FA Magazine May 2023 - Page 32

options and compensation negotiations , will pay a higher planning fee , she says .
“ We wanted to charge in the same manner for all clients ,” she adds . “ We didn ’ t want to make next-gen clients think , ‘ Oh , you ’ re different ,’ because we anticipate they ’ ll become full-fledged clients in the future .”
By design , Aspiriant ’ s next-gen effort has brought in 27 younger clients in its first three years , and the firm plans to add another 12 or so clients this year , says Doder , noting that the firm wants to “ serve , but not overserve ” clients in growth mode .
“ It is difficult to make money on nextgen clients in year one , but this is an investment in long-term , profitable relationships ,” she says .
She adds that Aspiriant ’ s emerging wealth offering also provides “ an incredible training opportunity for younger advisors ,” who receive a bonus for bringing these clients in . “ This offering gives them something to talk about with their own network instead of telling prospects they don ’ t meet our minimum ,” Doder says .
Kamila Elliott , the co-founder and CEO of Atlanta-based Collective Wealth Partners , created her firm with three partners a year ago , and it ’ s geared almost exclusively to next-gen clients . The four partners are Black and cater to Black executives , professionals and business owners in earning mode , she says . ( Elliott is also on Financial Advisor ’ s 2023 list of “ Young Advisors To Watch .” See page 40 .)
Elliott worked previously as an advisor at another firm for three years where the service offering wasn ’ t as “ high touch .” Now she and her partners focus on individuals who may not yet have significant assets , but have the potential to grow impressive wealth over their lifetimes . The Collective advisors help these clients check all the boxes , aiding them with first home purchases and student debt , she said .
“ It ’ s so enjoyable to help these clients reach major milestones to building wealth , especially since many are my age .”
— Kamila Elliott , CEO Collective Wealth Partners
Collective brought on 200 clients in its first year and has garnered 23 clients so far in 2023 . The firm offers holistic wealth planning for an annual subscription fee of $ 4,000 for single clients and $ 6,000 for couples . Collective also charges a separate fee for business owners , which is the greater of $ 10,000 per year or 1 % of assets under management .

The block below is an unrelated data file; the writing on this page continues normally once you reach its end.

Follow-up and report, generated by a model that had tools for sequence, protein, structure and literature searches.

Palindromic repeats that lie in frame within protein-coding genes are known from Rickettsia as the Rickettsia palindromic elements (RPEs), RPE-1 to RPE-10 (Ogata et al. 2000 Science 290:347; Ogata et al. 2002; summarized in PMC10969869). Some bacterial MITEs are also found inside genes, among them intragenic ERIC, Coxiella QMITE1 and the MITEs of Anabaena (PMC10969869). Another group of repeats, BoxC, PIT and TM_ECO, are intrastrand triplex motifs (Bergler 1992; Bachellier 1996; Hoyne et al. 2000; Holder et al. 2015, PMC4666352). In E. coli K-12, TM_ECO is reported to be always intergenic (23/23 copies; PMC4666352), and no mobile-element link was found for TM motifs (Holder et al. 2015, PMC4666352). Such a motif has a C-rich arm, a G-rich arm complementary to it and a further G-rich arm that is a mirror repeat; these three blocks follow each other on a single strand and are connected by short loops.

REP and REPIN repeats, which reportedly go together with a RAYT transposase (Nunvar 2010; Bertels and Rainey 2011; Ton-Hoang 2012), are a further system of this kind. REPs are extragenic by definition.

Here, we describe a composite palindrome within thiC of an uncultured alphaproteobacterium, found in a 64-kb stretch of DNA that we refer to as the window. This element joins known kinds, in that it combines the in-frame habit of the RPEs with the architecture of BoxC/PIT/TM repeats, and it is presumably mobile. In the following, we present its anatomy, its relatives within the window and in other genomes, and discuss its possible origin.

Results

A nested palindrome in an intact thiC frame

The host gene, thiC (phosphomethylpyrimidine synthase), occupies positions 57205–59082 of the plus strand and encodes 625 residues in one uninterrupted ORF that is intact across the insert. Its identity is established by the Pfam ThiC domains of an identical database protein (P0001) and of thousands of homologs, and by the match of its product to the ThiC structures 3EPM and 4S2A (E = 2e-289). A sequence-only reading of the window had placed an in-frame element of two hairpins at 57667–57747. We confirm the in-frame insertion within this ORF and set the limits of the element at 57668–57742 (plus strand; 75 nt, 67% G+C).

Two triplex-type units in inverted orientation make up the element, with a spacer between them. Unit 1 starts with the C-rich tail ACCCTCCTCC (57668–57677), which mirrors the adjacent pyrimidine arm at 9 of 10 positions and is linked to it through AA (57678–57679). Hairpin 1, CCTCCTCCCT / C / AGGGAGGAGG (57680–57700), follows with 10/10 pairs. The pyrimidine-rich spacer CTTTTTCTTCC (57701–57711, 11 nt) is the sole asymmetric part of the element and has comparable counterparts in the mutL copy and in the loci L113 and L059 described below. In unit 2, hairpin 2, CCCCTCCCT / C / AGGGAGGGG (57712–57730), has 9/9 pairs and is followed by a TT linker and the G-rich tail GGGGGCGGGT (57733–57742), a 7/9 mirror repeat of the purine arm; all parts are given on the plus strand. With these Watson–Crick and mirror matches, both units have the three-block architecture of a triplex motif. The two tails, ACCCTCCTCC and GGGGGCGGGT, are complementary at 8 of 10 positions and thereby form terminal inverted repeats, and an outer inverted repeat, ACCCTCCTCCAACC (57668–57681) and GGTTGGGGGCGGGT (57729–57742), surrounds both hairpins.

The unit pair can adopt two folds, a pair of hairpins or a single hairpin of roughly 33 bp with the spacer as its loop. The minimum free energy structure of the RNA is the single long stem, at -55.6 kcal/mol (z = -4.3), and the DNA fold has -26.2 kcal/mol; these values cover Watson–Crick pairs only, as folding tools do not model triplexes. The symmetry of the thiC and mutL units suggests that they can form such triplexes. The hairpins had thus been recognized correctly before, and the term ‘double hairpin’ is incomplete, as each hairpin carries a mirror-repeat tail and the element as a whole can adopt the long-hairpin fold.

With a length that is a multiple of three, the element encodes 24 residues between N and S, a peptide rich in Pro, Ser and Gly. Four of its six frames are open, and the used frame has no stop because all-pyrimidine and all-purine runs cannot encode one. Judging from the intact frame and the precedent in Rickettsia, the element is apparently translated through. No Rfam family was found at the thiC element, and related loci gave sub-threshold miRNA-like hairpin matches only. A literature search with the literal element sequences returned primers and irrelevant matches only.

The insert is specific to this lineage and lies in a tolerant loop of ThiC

It ’ s a lot of heavy lifting to work with next-gen clients initially , Elliott says , since in the first year they need “ just about everything ” from first-time home-buying expertise to insurance and estate planning advice . But she adds that eventually there ’ s an inflection point and they turn into lifelong clients with significant wealth .
“ It ’ s so enjoyable to help these cli- ents reach major milestones to building wealth , especially since many are my age ,” she says .
Calabasas , Calif . -based Morton Wealth manages $ 2.5 billion for 1,100 clients . McKinnon , the firm ’ s chief marketing and chief operations officer , says Morton just did a soft launch of its “ ModEarn by Morton ” service offering for next-generation clients . The firm plans to do a hard launch May 19 .
Clients in this channel pay a $ 6,000 annual subscription fee for a wealth plan that targets their needs one month at a time — from developing a spending strategy and insurance planning to ensuring they manage debt , maximize credit , optimize stock options and make wise real estate decisions , McKinnon says .
“ We are targeting earners . It ’ s a funnel for those who will become Morton wealth clients in eight to 10 years ,” she says . “ I know this can be a little bit of a struggle for advisors to get their head around , but I ’ d rather take on a 32-yearold client who makes great income and very good decisions with their money than wait until they ’ re 55 and have to compete to get them .
“ We ’ ll make a little less on the front end ,” she adds , “ but think of the years of reoccurring revenue .” Still , she adds , “ this is not a low balance offering . We are targeting clients who have complicated lives , side hustles they ’ re trying to decide whether to turn into an S corp . or limited liability corp . They need a corporate retirement plan and to make wise decisions about stock options and investment real estate . These aren ’ t college students who just graduated .”
Morton plans to take on 20 of these younger clients this year . McKinnon estimates the firm will earn a 15 % profit margin on its first crop of these clients with its investment in marketing , technology and credit card payment options in year one . “ But in year two , when we expect to have 40 clients , the profit margin goes to about 40 %,” she says . She predicts “ ModEarn by Morton ” will become a significant chunk of the firm ’ s business over the next three years .